Other than that it was really quiet. A wryneck was seen but I didn't get it. I did manage to get a year-tick in the form of Balearic shearwater on the sea but no skuas.
On the way back I stopped at the vast expanse of mud that is now Staines reservoir. The viewing conditions were better than last time I was there but the waders were still miles away. With a bit of help I got onto a curlew sandpiper amongst the dunlin flock. I finished the day by jamming in on a fourth year-tick with a little stint. We had been looking at a dunlin bathing quite near the causeway when I spotted a very small wader near it. Tiny in size, small, delicate beak and the characteristic tram-lines along its back marked it out as a juvenile stint.
Not a bad day. Four year-ticks taking me to 250. I've got to be looking for north of 270 from here now but as ever, lifers would be nice....

Friday, 1 September 2017

and so it begins......

Having been away for pretty much all of August in Sri Lanka, I've now come back to the most exciting time in the birding year - the Autumn migration. At this time of year, anything can, and frequently does, turn up. It also marks the start of my having a bit more time to catch up with them, as from now on I'm down to 3 days a week a work!
The precursors of the main migration rush are often the waders, returning back south from their breeding grounds in the Arctic. On their way north in the spring they are in a rush to get to the best breeding sites. In the autumn they are a bit more relaxed and can hang around for a few days feeding up. This certainly applies to one pretty rare bird, a long-billed dowitcher, which has taken up semi-residence at Oare Marshes in Kent. This is a pretty small reserve in north Kent, on the edge of the Medway estuary. I've been a few times before so I knew the way and got there about 7 to a beautiful sunny morning.

The reserve is right at the end of a road leading to Harty ferry and is basically just one large pool surrounded by reeds. This view is from the road looking across the reserve to the river at the back of of the marsh. The centre ground at high tide, which was 8 today so just after I arrived, is covered with waders. The downside though is that you are looking straight into the rising sun making for, how shall I put it, challenging viewing and photographic conditions.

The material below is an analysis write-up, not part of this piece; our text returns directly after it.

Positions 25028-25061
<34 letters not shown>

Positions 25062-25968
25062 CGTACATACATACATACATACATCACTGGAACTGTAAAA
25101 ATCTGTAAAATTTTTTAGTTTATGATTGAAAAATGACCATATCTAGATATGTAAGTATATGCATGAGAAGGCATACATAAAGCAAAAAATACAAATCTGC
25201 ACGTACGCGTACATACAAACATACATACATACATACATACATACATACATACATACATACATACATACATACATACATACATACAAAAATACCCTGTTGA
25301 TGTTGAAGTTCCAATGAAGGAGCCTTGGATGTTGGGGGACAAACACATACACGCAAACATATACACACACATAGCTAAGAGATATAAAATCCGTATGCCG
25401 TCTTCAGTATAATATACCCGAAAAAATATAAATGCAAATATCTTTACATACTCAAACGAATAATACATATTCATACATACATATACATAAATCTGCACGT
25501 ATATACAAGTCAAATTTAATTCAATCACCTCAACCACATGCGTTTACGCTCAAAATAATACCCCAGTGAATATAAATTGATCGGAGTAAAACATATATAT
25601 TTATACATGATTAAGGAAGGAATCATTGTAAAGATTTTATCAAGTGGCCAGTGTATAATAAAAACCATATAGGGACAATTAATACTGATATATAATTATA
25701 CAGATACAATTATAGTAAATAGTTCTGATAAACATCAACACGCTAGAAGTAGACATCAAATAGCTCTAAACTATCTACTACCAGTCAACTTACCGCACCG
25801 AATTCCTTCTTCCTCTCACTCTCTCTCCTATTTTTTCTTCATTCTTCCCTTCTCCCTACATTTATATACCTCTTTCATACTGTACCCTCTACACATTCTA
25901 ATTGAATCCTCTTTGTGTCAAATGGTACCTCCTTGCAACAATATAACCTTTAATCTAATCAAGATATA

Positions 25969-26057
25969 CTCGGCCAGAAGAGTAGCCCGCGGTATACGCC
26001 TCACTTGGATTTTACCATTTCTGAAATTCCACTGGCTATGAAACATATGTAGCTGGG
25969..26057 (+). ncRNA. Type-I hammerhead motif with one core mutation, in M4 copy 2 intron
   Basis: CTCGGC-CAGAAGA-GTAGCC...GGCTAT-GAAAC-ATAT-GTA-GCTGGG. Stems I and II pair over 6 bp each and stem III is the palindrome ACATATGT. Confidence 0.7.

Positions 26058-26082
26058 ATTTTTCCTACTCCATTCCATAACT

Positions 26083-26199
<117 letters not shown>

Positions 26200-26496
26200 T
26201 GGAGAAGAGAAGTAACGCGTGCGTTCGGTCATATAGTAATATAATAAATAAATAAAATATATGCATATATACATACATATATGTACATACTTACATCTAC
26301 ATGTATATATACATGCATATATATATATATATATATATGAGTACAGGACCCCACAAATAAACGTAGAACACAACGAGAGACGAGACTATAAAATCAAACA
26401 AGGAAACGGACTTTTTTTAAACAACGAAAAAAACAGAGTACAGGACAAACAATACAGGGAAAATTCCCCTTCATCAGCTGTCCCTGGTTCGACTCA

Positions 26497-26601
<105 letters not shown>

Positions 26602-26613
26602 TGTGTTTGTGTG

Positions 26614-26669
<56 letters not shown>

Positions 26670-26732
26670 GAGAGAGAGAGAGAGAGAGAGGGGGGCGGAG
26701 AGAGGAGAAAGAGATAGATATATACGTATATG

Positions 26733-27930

Still, I got out my 'scope and set up next to the 4 or 5 other birders already scanning the marsh. There were hundreds of golden plovers, dozens of black-tailed godwits, dunlin and ringed plovers as well as  smaller numbers of ruff, greenshank, redshank, spotted redshank, turnstones and avocets.

The first good bird we got onto was one which dropped in the day before - a red-necked phalarope. These are gorgeous, delicate waders, breeding in very small numbers in Scotland but normally a classic migration bird. These are horrible photos into the Sun, but hopefully give the impression of what they look like.

 They are always busy, spinning around in shallow water picking flies off the waters surface. They often do this in deep water, so swim rather than wade. They have a characteristic "jizz" of seeming to be peering curiously at the water in front of them, hunting by sight for their breakfast.
Close by was the second of my targets, the long-billed dowitcher. I haven't seen one for a few years, since a long-staying bird at Lodmoor in Dorset, and they are rare if not actually mega in this country.
They are a more typical wader, long-legged, feeding by probing the mud. Size-wise they are larger than a redshank but smaller than a godwit. The thing to look for though is the bill which is, well, long!!

The top picture here gives you an idea of size - its the 6th bird from the right on its own, with lapwings for comparison. The lower one shows you that long, dagger-like bill.

These two gives you a bit more detail, albeit you may have to take my word a bit! A medium-sized bird, with a long, slightly down curved bill. The plumage is quite brown, with distinct markings and you can just about make out a white supercilium. I was on site for well over an hour and it only moved a few feet from this spot, feeding then sleeping, but never coming out into decent light. Still, a cracking bird, indeed a good pair of birds. Despite the best efforts of myself and the other birders on site we couldn't find any other rare waders, such as little stints or curlew sandpipers, but I should be able to pick them in then next couple of weeks.
After this, with not much else around in Kent, I braved the southern M25 - awful as usual - to go to Staines reservoir.
 The south basin has been drained for repairs, turning it into a magnet for waders. It is vast however, and all the waders were on the far side, again with the sun in totally the wrong position and a heat haze making viewing awful. Luckily a couple of the locals including "reservoir Dom" were on site and over an hour of ruining our eye-sight we managed to pull out 5 or 6 wood sandpipers and a probable, by dint of it not being anything else and being there for the last few days, pectoral sandpiper. Not the most satisfactory of views but I may try again later if it stays, as the reservoir isn't due to be filled for a few weeks yet.
A good day all round - 4 new year ticks taking me to 246 and way ahead of my best ever year with the main part of Autumn still to come. Would be nice to get a few lifers in the mix though!!